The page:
Plot Structure

What is PLOT?

We are talking about what happens in a story.

The story is built of significant events in the narrative.

Plot is what characters do, say or think that move the story forward. Writers must ask themselves: What – When – Where – Why – and what is at stake?

Plots can be gleaned from one’s everyday life…..what is happening around you.

Remember, every word in a story shouldmove the story on.’

One of my favourite phrases regarding writing fiction is ‘Added value’, don’t include it or, better still, take it out if it does not add value to the story.

The plot used in fiction can be differentiated into four types:


A linear plot is one in which the events take place in a line. This creates a clear and continued reading experience, as they are led from one event to the next while building interest and responding to increasing tensions. (Pride and Prejudice. The story follows a chronological structure.)


An episodic storyline tells a series of separate, but possibly interconnected events.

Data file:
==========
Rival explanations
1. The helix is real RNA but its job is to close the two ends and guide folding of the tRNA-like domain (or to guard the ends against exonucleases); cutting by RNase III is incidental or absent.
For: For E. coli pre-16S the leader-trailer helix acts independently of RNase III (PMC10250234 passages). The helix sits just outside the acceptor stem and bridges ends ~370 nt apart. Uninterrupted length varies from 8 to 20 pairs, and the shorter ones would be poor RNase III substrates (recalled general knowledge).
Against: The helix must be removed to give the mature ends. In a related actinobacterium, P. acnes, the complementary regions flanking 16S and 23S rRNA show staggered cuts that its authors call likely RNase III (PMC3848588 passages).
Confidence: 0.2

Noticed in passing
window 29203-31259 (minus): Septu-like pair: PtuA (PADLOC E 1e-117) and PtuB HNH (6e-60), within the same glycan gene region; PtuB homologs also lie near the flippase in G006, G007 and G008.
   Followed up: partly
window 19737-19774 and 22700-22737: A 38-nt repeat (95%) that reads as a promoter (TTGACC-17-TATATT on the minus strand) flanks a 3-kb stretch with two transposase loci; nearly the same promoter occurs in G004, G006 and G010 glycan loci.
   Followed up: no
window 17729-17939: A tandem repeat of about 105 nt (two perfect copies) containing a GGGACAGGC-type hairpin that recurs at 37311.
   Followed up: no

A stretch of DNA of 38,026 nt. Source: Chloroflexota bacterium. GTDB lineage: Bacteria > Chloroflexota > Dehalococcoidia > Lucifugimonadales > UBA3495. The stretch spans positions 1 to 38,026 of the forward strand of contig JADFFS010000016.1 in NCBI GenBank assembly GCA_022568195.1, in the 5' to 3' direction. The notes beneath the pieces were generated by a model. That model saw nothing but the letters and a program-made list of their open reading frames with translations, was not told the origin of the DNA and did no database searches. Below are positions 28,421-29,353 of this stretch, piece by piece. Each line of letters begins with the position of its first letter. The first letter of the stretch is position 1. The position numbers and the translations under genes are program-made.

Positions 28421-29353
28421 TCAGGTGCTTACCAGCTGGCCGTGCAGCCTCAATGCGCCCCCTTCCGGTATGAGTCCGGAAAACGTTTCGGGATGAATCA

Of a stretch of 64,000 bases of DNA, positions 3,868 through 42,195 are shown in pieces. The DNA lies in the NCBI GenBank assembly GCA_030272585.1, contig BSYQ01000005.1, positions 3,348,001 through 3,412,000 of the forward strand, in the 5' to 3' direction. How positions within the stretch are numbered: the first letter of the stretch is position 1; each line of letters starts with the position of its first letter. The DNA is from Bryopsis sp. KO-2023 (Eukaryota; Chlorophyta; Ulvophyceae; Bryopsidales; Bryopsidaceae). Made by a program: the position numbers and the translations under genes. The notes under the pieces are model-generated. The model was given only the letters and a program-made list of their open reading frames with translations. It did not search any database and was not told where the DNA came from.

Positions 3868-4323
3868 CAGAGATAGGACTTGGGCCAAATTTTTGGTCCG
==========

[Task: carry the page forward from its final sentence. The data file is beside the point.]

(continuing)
(A Midsummer Night’s Dream. The story follows a wide cast of characters, often individually.)


Parallel storylines are where the writer incorporates two or more sperate stories. They are usually linked by a common character, event or theme. (Romeo and Juliet is a classic example of a parallel plot. The events in Romeo and Juliet’s lives are paralleled by the events in the lives of the Montagues and Capulets. Readers learn about the characters, their relationships and the plot of the story by comparing and contrasting the two plots.


A flashback plot is one where an interjected scene takes the narrative back in time from the current point in the story. (Wuthering Heights: When the reader meets the characters at the start of the novel, Catherine is already a ghost.)

The most common of these employed in short stories is the linear plot.


  1. Phil

    Thanks for describing all this info about plots. Interesting.

    • Lynne

      More to come on Plot Structure in the next few days


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